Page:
But MSF is in a somewhat favorable position compared to other NGOs. “In Palestine, we’re on entirely private MSF funds” — that is funds from MSF in Europe, who in turn get the vast majority of their funding from “millions of donors everywhere in the world sending checks… of 30 or 50 euros, apart from a few rich people who write big checks! For us it’s key, particularly here in Palestine, to be as independent as we can so there is no political or economic agenda that affects our work.”
This means that unlike many international NGOs who get their funding from Western governments, “we are completely independent and free to interact with anyone and provide the services we think are needed.” Both before and after the Hamas elections victory, many NGOs, such as those funded by USAID, were barred from working with anyone related to Hamas.
After the international boycott of the Palestinian Authority begun, MSF was “obliged to make donations to Ministry of Health medical structures, to help alleviate shortages they’ve faced… When Hamas came to power, funding was frozen. The pharmaceutical companies also froze their deliveries because they wouldn’t be paid.” The donations exclusively took the form of medicines and disposables, never funds.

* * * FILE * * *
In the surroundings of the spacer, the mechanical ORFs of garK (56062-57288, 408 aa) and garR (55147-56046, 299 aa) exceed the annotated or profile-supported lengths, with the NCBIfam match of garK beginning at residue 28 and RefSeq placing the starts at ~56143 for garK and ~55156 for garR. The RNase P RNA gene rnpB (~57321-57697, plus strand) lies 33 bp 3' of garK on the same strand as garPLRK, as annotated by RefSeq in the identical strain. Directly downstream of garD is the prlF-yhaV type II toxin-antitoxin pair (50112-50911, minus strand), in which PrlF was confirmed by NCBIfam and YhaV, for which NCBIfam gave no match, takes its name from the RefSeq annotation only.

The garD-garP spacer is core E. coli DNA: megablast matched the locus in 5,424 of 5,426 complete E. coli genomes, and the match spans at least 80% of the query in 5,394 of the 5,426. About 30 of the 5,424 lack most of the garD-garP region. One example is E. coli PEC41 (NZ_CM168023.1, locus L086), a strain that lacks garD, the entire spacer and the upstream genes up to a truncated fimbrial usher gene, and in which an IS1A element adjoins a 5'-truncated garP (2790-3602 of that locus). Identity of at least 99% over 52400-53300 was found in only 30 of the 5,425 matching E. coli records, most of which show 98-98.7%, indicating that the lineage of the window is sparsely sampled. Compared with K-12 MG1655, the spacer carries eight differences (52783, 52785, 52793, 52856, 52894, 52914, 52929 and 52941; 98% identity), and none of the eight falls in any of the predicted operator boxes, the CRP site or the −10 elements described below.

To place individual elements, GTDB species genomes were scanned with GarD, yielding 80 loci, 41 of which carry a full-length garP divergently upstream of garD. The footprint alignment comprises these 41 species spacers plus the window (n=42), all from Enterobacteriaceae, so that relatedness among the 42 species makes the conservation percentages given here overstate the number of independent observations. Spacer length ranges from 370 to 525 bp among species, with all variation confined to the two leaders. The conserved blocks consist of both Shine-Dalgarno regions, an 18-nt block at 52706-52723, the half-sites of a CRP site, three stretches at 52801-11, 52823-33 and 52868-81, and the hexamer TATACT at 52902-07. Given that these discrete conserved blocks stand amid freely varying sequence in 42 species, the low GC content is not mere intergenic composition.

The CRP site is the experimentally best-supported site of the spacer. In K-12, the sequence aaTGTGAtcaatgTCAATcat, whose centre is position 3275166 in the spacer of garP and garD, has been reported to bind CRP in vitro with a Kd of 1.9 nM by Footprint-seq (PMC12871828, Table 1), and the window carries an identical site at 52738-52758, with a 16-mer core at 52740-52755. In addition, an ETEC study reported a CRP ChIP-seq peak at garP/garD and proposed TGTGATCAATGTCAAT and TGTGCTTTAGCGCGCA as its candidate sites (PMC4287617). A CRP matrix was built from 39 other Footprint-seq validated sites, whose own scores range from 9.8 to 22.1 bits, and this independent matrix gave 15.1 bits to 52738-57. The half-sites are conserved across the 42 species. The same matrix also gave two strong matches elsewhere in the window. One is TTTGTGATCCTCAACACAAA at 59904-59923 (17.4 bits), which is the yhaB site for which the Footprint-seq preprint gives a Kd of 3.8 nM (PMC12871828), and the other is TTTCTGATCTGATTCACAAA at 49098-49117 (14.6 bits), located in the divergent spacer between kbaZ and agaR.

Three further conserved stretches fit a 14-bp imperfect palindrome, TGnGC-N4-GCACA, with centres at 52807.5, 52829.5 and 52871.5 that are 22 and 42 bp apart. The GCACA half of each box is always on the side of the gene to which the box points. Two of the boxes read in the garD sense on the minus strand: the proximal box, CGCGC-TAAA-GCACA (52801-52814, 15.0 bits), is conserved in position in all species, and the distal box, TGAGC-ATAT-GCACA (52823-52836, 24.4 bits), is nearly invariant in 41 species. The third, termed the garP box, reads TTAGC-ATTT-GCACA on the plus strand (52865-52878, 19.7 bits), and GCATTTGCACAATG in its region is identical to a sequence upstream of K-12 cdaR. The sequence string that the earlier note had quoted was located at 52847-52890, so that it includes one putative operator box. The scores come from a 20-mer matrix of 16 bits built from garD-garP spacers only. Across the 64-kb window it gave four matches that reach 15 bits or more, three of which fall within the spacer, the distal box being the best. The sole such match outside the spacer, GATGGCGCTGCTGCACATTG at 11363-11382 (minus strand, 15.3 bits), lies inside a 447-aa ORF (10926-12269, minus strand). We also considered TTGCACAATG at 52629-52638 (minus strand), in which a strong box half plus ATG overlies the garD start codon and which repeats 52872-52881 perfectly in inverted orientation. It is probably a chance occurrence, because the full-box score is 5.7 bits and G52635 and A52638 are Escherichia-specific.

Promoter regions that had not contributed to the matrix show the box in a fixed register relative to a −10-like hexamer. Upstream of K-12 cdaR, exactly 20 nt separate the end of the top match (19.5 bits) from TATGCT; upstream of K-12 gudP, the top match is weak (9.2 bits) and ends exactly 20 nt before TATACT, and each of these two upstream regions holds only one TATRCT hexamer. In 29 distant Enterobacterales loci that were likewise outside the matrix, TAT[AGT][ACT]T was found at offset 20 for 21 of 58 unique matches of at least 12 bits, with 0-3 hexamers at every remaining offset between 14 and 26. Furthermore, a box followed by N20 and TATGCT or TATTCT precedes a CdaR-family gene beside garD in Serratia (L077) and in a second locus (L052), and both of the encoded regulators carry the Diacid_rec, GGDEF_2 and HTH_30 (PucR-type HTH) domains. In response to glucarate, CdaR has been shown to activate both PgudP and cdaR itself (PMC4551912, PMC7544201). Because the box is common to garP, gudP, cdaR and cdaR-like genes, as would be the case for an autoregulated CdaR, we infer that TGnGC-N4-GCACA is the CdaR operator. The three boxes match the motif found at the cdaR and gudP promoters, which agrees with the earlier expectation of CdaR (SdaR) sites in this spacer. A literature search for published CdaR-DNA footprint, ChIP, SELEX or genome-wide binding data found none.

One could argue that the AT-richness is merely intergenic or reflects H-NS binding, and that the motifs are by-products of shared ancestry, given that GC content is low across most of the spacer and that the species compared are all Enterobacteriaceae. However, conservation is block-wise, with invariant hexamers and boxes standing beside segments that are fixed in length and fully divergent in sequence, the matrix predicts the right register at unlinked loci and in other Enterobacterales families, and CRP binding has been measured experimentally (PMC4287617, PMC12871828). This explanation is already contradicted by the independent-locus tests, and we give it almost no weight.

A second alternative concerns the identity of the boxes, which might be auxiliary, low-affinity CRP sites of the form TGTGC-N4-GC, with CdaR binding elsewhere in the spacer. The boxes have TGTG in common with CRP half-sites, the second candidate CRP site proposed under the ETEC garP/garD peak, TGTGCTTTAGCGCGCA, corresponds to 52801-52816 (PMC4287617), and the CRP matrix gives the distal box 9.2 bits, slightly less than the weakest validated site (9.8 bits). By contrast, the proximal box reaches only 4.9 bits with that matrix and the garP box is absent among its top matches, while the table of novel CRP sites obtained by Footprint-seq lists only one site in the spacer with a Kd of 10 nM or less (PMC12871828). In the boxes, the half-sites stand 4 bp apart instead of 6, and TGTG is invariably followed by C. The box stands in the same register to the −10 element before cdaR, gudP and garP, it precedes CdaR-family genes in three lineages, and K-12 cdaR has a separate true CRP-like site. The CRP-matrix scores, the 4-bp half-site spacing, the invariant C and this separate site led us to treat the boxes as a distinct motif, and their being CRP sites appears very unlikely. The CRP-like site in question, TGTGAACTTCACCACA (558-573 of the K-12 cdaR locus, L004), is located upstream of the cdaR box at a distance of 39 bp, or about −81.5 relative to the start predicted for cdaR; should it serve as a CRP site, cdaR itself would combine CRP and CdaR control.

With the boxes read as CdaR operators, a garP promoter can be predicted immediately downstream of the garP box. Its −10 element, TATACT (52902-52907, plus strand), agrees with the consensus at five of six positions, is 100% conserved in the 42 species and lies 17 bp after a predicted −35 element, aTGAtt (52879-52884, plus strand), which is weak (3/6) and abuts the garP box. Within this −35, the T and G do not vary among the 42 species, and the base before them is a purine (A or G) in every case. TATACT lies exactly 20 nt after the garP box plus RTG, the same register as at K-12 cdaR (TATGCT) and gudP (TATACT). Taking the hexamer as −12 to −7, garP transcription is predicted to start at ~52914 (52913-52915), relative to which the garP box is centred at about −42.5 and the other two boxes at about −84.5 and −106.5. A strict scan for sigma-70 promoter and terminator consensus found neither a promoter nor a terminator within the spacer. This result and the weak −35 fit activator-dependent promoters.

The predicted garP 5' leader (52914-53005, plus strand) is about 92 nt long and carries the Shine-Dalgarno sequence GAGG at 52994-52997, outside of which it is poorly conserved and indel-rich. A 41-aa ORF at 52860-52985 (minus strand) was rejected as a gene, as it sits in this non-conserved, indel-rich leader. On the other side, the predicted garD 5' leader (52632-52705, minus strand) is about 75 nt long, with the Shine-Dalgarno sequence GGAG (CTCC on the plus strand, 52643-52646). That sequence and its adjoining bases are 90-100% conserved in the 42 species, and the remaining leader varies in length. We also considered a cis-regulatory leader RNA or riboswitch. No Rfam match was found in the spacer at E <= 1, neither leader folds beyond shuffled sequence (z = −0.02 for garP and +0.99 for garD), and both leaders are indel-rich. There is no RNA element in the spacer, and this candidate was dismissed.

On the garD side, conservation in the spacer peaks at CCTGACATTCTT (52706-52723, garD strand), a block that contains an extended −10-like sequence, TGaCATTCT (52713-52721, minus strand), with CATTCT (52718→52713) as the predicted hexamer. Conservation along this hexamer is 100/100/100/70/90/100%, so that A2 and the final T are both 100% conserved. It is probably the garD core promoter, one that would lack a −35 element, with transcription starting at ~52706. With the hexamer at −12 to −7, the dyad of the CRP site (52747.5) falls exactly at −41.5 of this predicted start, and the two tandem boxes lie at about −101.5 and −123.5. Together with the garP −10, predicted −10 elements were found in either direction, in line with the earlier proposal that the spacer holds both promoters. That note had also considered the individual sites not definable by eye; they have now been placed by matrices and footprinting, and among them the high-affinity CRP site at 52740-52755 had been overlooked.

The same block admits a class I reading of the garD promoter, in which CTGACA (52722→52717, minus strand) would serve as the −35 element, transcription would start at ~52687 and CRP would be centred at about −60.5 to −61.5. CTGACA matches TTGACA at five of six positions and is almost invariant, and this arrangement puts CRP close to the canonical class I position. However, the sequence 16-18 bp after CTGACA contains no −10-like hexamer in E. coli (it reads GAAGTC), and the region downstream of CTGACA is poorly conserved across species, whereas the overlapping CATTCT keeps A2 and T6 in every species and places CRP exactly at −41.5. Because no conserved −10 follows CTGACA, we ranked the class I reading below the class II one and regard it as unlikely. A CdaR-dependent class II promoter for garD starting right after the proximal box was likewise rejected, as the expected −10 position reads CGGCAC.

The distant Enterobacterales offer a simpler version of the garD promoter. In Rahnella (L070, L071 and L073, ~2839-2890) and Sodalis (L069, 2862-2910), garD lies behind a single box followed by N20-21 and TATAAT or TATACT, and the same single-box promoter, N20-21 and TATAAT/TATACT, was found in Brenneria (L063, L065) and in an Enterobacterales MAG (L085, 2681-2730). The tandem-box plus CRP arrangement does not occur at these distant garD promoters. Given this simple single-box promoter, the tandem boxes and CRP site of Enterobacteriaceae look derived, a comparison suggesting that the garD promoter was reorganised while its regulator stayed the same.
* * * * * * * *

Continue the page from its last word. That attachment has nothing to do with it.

In any case, Brav says MSF would prefer not to have to make such donations. “Certain pieces of the puzzle are being donated by NGOs or the ICRC or the WHO, but the Ministry of Health has no control over the full puzzle so there are gaps since each one is making their own decisions. This is not what the MoH needs. They need to be able to manage their own budget, to pay their staff and to buy medicines.”
Last year, after funding cuts to the PA, many international donors continued to spend money on Palestine, but they gave money to international NGOs instead of directly to the Ministry of Health. Brav says this has led to medicines being both under and over stocked — or issued to clinics without health workers qualified to prescribe them.